In recent years, hundreds of researchers have discussed the “millennial” as a strange breed of human, likely to spend more than $100 on a nice dinner, unlikely to buy a home, and likely to buy products branded with a particular shade of pink – millennial pink that is. But few have explored the real reasons behind the home ownership issue and provided real, actionable advice based on said reasons.
Let’s put it out there: millennials watched as their parents struggled through the Great Recession, graduated college when the job market was at an all-time low and lived through some of the most confusing political and economic shifts. So it’s no wonder they want to wait, date, mate, then procreate before buying a home. That said, these five steps can be taken by millennials of any age, in any financial situation.
1. Talk to a loan officer. I know, I know, it seems so far off, so why bother? But it is never too early to have a conversation about where you are today, where you’re going and what you need to do to achieve your goals. A loan officer cannot only do a credit review and provide advice on how to repair or build up credit, but can also provide you with a good sense of what your income today might support, and how you can work toward saving for a down payment.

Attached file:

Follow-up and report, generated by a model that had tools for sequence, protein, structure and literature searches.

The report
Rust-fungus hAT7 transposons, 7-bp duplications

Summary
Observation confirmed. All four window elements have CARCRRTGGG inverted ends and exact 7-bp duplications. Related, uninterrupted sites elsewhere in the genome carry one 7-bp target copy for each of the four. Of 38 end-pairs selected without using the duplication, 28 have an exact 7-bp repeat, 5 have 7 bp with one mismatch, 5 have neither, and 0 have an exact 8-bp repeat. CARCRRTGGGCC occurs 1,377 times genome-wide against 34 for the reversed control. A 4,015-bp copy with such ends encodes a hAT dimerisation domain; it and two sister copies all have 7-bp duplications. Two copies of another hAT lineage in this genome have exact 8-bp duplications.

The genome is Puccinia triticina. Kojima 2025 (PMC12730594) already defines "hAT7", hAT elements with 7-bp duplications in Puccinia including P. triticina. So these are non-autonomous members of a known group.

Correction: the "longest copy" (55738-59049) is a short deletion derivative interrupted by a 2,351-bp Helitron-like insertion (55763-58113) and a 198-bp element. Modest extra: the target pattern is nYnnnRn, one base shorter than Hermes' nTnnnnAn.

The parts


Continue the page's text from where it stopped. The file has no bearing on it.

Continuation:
2. Start saving – every little bit helps. You may want to think about co-housing while you’re still young, or cutting down on some of the pricier expenses in your day-to-day life (cough cough, food delivery). Every dollar that typically goes toward those expenses can be put in a savings account and, one day, used for a down payment – the most difficult part of buying a home.
3. Consider: where do you want to be in five years? It’s clear that the days of staying at one job for five to 35 years are over. Whether it’s to find the right career or to make more money, most millennials have had to hop jobs and/or cities on a yearly basis, and many see their current situation as temporary. But it’s also important to consider where you are today, where you’re hoping to go and when you want to settle; that way, you can plan thoughtfully and appropriately for your future.
4. Be realistic. What kind of lifestyle do you want? If you want to be in a new construction building with fancy amenities, you may need to consider where you can realistically make that happen – the answer may be Chicago instead of New York City. If you’re locked into a more expensive city because of a particular career, consider what sacrifices you might be able to make in order to make your current lifestyle and your future finances work for you.
5. Stop watching home improvement shows. This point goes hand in hand with the above question, but you’ll need to start thinking about setting realistic expectations for yourself and your future home. You may not be able to get an all-white, stainless steel appliance apartment, but you could get an apartment that needs a little elbow grease, then put in just a bit more money to get the clean, finished dream home you imagined.